When Lawrence Kohlberg wanted to test subjects' moral development, he
asked them to think about the story of Heinz, a man who stole medicine to
save his sick wife. Was Heinz right or wrong? If he'd asked young Buddhist
monks, he might have been told, "That does not matter."
Heubner and Garrod (1993) traveled to a Tibetan Buddhist monastery in
Nepal, to ask young monks (thirteen to thirty years) what they thought
about Kohlberg's dilemma. The monks' answers generally involved two
concepts: the theory that people are reborn in different bodies, depending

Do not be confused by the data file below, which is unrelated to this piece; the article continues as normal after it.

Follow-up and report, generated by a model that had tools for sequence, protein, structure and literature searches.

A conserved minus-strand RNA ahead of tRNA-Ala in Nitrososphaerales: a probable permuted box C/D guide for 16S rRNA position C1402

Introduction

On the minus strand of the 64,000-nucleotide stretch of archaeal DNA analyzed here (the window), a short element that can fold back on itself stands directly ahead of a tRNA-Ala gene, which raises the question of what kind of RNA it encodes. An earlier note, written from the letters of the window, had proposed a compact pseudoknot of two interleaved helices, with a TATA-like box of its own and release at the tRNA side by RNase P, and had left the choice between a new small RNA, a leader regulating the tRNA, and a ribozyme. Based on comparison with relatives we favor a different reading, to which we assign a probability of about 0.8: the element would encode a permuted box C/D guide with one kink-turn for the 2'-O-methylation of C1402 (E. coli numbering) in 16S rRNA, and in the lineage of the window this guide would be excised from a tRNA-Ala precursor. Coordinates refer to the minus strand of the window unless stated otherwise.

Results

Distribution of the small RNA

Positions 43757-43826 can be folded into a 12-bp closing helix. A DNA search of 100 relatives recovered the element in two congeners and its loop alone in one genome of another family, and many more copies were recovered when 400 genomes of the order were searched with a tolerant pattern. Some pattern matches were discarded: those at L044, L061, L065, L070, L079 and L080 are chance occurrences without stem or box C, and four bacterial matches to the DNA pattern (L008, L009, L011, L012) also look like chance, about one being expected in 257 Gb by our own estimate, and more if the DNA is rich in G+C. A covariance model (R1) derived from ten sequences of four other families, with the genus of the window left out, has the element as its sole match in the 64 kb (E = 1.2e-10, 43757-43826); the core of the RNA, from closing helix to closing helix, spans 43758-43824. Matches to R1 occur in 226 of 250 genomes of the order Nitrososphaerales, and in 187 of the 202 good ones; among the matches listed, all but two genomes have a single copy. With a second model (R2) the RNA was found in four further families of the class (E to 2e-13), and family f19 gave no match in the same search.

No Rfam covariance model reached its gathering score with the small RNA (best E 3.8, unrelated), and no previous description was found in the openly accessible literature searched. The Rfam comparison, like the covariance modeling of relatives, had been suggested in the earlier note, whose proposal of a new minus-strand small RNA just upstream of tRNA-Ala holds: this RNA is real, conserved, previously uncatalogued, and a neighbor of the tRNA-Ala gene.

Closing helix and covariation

on their behavior, and the idea that though life is full of suffering,
people should be compassionate and prevent as much suffering as possible.
One monk said about Heinz, "If his wife dies, then he will be
suffering only for this life. But if he steals the drug, he will be
suffering for many lifetimes." While most Westerners explain the
Heinz story in terms of justice, the monks talked about compassion-even
the monks who scored as Kohlberg "premorals" and thought about
Heinz in terms of rewards and punishment. These ideas are so different
from Western morality that the researchers found it impossible to use
Kohlberg's scale to describe Tibetan Buddhists' moral development.